Sunday, October 23, 2022

The Siren Of The Loyalsock

Legend has it that along the Loyalsock Creek  near Williamsport, if you look to the trees, you may spot a young Indian girl.  Beware, and do not be lured in by her beautiful voice, for she is responsible for the deaths of many who have attempted to raft the waters.
As the legend tells, she was murdered by early settlers along the creek, and has sought justice ever since.  Or at least, that is the modern version.

Henry Shoemaker records the much older tale of the Loyalsock Siren in his book, Tales of Bald Eagle Mountain.  [I've summarized it here, but the entire text is at the bottom of this post]

Just one family from the Mingo Indian Tribe remained in the area.  That family had  nine children - 8 girls, and one unhealthy boy - living  in a cabin hanging out over the river, at the area later known as Sylvan Dell.

The father was a basket maker, and he sold his baskets at some of the early Williamsport markets.  One of the daughters, Sweet Cicely, was extremely enchanting.  When a young Indian boy by the name of Willian Winters came to the area to work on a nearby farm, Sweet Cicely and William soon fell in love.  She would wait for him each evening, on the rocky ledge overhanging the creek, singing in her beautiful clear voice.

Raftsman would pass Cicely each evening, as they looked for a place to tie up their rafts for the night before going on to Williamsport the next morning.  The men all loved hearing the young girls voice.

One evening William was late returning from work, but in the twilight, seeing another  approach, Cicely began singing her songs of love and longing.  The man on the raft followed her voice.  When he approached, Cicely realized her mistake, and fled from him, but the raftsman, angry at her rejection, squeezed her by the throat until she was still.
Thinking he had killed her, and hearing William approach, the raftsman fled over the mountain.

William and his friend rushed to Cicely's side, and found that although her windpipe was crushed, she was was not yet dead. She died in her lovers arms as darkness fell.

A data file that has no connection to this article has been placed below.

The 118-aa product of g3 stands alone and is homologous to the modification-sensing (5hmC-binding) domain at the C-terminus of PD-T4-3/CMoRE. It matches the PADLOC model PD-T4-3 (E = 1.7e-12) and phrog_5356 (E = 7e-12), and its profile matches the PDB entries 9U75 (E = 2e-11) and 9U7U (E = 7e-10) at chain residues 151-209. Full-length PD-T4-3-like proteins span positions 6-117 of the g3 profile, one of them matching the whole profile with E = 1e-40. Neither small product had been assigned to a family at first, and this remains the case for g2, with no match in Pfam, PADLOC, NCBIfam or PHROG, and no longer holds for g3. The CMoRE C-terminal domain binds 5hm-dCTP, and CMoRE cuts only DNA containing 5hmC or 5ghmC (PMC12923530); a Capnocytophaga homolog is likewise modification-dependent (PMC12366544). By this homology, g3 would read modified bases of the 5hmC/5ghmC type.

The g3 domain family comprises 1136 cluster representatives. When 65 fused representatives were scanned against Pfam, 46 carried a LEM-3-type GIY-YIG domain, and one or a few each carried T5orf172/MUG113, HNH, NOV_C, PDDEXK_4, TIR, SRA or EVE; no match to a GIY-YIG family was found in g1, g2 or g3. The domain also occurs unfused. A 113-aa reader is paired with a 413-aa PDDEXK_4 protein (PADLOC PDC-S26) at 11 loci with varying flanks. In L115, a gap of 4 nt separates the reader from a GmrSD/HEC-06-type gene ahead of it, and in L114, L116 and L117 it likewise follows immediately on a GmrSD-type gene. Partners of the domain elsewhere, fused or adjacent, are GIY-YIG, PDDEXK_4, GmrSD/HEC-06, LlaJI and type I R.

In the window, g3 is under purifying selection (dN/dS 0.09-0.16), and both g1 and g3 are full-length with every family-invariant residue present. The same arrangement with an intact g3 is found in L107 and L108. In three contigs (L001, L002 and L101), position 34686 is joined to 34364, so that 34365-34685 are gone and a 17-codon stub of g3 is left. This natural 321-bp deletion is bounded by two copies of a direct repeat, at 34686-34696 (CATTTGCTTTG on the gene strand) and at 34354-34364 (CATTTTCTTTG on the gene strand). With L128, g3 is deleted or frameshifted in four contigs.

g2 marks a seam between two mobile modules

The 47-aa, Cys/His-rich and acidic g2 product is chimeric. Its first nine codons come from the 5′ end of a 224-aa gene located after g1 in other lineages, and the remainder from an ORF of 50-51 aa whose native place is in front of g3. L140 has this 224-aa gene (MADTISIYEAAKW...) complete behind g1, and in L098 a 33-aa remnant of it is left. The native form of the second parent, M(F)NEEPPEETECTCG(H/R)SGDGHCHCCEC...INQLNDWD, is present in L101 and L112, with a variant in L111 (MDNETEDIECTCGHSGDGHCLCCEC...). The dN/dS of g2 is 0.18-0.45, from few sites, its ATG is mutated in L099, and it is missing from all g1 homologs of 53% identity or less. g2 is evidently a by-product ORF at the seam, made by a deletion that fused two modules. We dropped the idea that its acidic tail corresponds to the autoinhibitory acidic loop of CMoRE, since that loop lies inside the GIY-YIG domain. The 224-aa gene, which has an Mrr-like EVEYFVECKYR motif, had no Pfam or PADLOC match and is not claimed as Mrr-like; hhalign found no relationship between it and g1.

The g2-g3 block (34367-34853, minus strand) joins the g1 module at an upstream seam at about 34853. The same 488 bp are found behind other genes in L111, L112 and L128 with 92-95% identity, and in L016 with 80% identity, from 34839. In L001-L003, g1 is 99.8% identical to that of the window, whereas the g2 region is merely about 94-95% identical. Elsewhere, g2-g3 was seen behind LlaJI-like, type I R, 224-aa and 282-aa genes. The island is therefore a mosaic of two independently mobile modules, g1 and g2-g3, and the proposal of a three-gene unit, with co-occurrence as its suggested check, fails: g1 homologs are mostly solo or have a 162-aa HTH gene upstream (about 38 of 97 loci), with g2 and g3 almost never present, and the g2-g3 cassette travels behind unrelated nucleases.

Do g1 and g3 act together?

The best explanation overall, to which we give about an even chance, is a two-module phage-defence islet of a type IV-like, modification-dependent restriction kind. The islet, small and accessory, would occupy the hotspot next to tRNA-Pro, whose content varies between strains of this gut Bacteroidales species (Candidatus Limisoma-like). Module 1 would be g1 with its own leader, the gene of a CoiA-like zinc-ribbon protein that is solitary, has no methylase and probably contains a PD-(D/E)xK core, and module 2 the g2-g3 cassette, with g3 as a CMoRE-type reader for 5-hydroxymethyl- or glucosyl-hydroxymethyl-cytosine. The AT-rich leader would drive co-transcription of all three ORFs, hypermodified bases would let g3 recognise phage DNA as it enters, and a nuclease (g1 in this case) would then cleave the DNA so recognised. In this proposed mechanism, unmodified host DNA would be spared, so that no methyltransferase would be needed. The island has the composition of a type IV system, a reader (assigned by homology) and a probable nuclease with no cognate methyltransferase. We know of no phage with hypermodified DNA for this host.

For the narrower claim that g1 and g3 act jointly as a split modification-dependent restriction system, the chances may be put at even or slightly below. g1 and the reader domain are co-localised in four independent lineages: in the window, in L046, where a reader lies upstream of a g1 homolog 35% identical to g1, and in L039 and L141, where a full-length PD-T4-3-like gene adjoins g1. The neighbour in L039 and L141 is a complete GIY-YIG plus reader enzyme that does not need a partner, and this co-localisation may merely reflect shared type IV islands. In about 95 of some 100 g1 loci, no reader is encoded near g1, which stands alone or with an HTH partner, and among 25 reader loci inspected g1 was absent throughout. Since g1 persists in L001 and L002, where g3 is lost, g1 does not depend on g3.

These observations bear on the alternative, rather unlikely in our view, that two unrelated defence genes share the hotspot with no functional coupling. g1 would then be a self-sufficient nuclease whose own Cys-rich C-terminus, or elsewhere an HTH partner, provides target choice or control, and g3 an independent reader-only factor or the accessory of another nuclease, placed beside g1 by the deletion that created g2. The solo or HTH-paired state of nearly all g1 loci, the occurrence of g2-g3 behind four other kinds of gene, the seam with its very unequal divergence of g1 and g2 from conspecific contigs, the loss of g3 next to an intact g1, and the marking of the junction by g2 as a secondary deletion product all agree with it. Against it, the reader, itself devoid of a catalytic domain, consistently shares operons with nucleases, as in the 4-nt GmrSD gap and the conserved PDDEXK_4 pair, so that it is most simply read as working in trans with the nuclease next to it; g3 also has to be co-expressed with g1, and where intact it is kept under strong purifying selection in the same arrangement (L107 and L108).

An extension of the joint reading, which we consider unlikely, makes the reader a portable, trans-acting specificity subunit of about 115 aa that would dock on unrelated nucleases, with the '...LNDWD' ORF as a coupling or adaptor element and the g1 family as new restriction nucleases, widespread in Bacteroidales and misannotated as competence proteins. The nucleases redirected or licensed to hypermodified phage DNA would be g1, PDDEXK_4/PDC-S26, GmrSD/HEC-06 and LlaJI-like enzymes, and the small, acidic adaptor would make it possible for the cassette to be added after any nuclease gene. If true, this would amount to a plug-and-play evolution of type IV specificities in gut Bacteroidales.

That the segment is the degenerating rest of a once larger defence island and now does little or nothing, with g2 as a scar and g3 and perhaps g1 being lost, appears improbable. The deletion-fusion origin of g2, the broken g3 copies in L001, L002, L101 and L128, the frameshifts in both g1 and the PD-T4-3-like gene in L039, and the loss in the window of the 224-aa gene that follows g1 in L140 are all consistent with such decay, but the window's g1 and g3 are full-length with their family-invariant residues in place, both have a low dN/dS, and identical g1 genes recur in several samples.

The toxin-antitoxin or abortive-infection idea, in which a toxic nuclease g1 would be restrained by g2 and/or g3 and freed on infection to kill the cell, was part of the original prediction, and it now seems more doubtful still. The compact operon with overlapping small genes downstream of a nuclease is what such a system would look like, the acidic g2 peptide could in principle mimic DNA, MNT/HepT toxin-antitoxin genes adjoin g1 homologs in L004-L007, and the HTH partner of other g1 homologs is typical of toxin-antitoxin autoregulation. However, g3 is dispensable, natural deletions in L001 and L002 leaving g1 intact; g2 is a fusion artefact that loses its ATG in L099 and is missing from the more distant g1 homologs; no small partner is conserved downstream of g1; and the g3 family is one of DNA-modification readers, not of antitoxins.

He carried her body to her parents home.  The next day, Cicely's father went to Williamsport with the raftsman's belongings, but the sheriff refused to help, and threatened the Indians, telling the father that he was no longer welcome in Lycoming County.

The Powderhorn family, afraid every person  in Williamsport was as unjust as those at the courthouse, packed up and left the area, returning to their tribes reservation.
But Sweet Cicely remained on the banks of the Lycoming Creek.  For many year after her murder, as rafts swept down the creek in the spring floods, Cicely's voice could be heard from the ledge above the creek.  At the sound of her melodies, the pilots would lose control of their rafts, many crashing into the rocks and breaking their necks, the same as Cicelys neck had been broken all those years before.

The accidents continued for many years, until one man came up with the idea to bury the latest crash victim alongside the Powderhorn family's deserted cabin, where Cicey had been buried years before.  

As the grave was covered, the crowd that had gathered swore they heard the high sweet voice singing, one last time.   Cicely was never heard along the Loyalsock again.
As legends often do, this one changed with the times, and when the canal came to the area, Cicely's story was adapted.  

During the days when the canal was being built, Cicely sat along the banks and sang as the canal workers worked.  The men all adored and revered her, as her voice broke the monotony of thier work and made their days more pleasant.
One day, a man with poor intentions assaulted the young girl, and when she fought back, he killed her.

The canal workers tracked her assailant, and lynched him.  And those who work along the creek today, can still sometimes hear her sweet singing.

Our Loyalsock Siren is likely a descendent of the Sirens Homer wrote about in 7th century BC.  It was during this time that writing was becoming more common in Greece, and its widely accepted that that many of the poems in Homers writings were stories passed down orally for centuries before.

In The Odessey, Homer tells us of the Sirens who enchant all who come near them.  These two monsters pretend to be beautiful women with melodious voices entertain and lure in the sailors passing their island.  

"First you will come to the Sirens who enchant all who come near them. If any one unwarily draws in too close and hears the singing of the Sirens, his wife and children will never welcome him home again, for they sit in a green field and warble him to death with the sweetness of their song.

There is a great heap of dead men's bones lying all around, with the flesh still rotting off them. Therefore pass these Sirens by, and stop your men's ears with wax that none of them may hear; but if you like you can listen yourself, for you may get the men to bind you as you stand upright on a cross-piece half way up the mast, and they must lash the rope's ends to the mast itself, that you may have the pleasure of listening. If you beg and pray the men to unloose you, then they must bind you faster."

The Siren
(Story Of The Loyalsock Mountain)
As recorded by Henry Shoemaker

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